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Wine Pairing Party Recipes

Wine and cheese complement each other beautifully — just keep a few guidelines in mind when making your selections.

Acidity:

Consider the acidity levels in wine and cheese. Pairing wines and cheeses that are similarly high in acidity creates structure and balance. Sauvignon Blanc and goat cheese are equally high in acidity, for example, and make for a perfect match.

Weight:

Look for wines and cheese of equal weight — a heavy wine can overwhelm a light cheese, and vice versa. Pair light bodied cheeses with light bodied wines and heavy cheeses with heavy bodied wines for optimal results. An ideal light bodied pairing is Pinot Gris and ricotta while a heavier wine such as Cabernet Sauvignon would pair well with an aged cheddar cheese.

Complementing Flavors:

Select wines and cheese with similar flavor profiles. Hints of fruit, butter, and nuts are prevalent in both wine and cheese. Pairing a rich Chardonnay with a creamy comté will enhance the nutty, buttery flavors in both the wine and cheese.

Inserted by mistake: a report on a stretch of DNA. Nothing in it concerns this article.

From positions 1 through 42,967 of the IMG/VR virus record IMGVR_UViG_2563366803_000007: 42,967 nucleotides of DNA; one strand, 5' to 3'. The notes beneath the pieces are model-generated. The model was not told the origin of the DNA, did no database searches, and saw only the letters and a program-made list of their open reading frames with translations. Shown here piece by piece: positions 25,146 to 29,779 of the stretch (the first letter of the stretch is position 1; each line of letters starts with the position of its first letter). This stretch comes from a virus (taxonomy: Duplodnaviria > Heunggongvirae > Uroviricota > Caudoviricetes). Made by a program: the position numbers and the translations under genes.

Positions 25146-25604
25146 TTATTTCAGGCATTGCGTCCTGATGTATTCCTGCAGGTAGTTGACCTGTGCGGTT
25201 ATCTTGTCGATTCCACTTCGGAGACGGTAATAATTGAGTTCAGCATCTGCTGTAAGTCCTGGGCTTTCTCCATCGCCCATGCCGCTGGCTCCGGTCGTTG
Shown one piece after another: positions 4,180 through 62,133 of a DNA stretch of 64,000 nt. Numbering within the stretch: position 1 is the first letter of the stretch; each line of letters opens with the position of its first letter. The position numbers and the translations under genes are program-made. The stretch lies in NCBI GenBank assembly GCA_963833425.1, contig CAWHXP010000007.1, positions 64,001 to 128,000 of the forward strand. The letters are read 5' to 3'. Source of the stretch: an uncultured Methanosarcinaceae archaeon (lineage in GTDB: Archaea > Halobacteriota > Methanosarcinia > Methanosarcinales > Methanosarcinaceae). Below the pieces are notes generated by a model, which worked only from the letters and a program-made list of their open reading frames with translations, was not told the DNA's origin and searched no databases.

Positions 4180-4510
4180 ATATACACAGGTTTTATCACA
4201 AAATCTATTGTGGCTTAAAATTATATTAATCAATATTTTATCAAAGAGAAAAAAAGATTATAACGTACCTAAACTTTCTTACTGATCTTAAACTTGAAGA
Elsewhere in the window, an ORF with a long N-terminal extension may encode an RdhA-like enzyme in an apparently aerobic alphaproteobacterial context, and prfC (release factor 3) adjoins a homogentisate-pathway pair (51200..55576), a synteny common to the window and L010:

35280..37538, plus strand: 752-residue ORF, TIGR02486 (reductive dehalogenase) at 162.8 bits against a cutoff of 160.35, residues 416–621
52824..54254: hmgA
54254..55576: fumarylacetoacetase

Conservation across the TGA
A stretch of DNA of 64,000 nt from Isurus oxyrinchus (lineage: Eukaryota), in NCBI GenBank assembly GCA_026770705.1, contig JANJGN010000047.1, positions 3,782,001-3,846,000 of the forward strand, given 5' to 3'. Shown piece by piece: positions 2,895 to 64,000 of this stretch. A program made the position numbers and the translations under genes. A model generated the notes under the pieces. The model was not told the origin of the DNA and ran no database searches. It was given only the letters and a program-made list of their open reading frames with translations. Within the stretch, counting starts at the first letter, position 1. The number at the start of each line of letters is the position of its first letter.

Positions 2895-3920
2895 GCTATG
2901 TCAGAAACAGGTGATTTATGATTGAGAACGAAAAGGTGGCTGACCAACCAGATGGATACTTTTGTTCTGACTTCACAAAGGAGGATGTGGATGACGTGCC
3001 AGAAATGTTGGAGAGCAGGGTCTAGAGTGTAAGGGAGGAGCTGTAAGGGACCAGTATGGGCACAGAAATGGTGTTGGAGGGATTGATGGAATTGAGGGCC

Cheeses to avoid:

Avoid pairing wine with cheeses coated in black pepper or strong herbs, as these flavors tend to overwhelm wine.

Serving Temperatures:

Cheese should be served at 70 degrees. To get to that temperature, take the cheese out of the refrigerator about an hour before serving. Take white wines out of the refrigerator 15 minutes before serving. Red wines can be taken out of the refrigerator 10 minutes before serving.

Differentiators between cheeses:

Artisan – hand made in small lots using European techniques.
Farmstead – made where the animals are raised.
Fermier – owns the animals, the pastures and is hand made from unheated milk.

WINE AND CHEESE PAIRING TABLE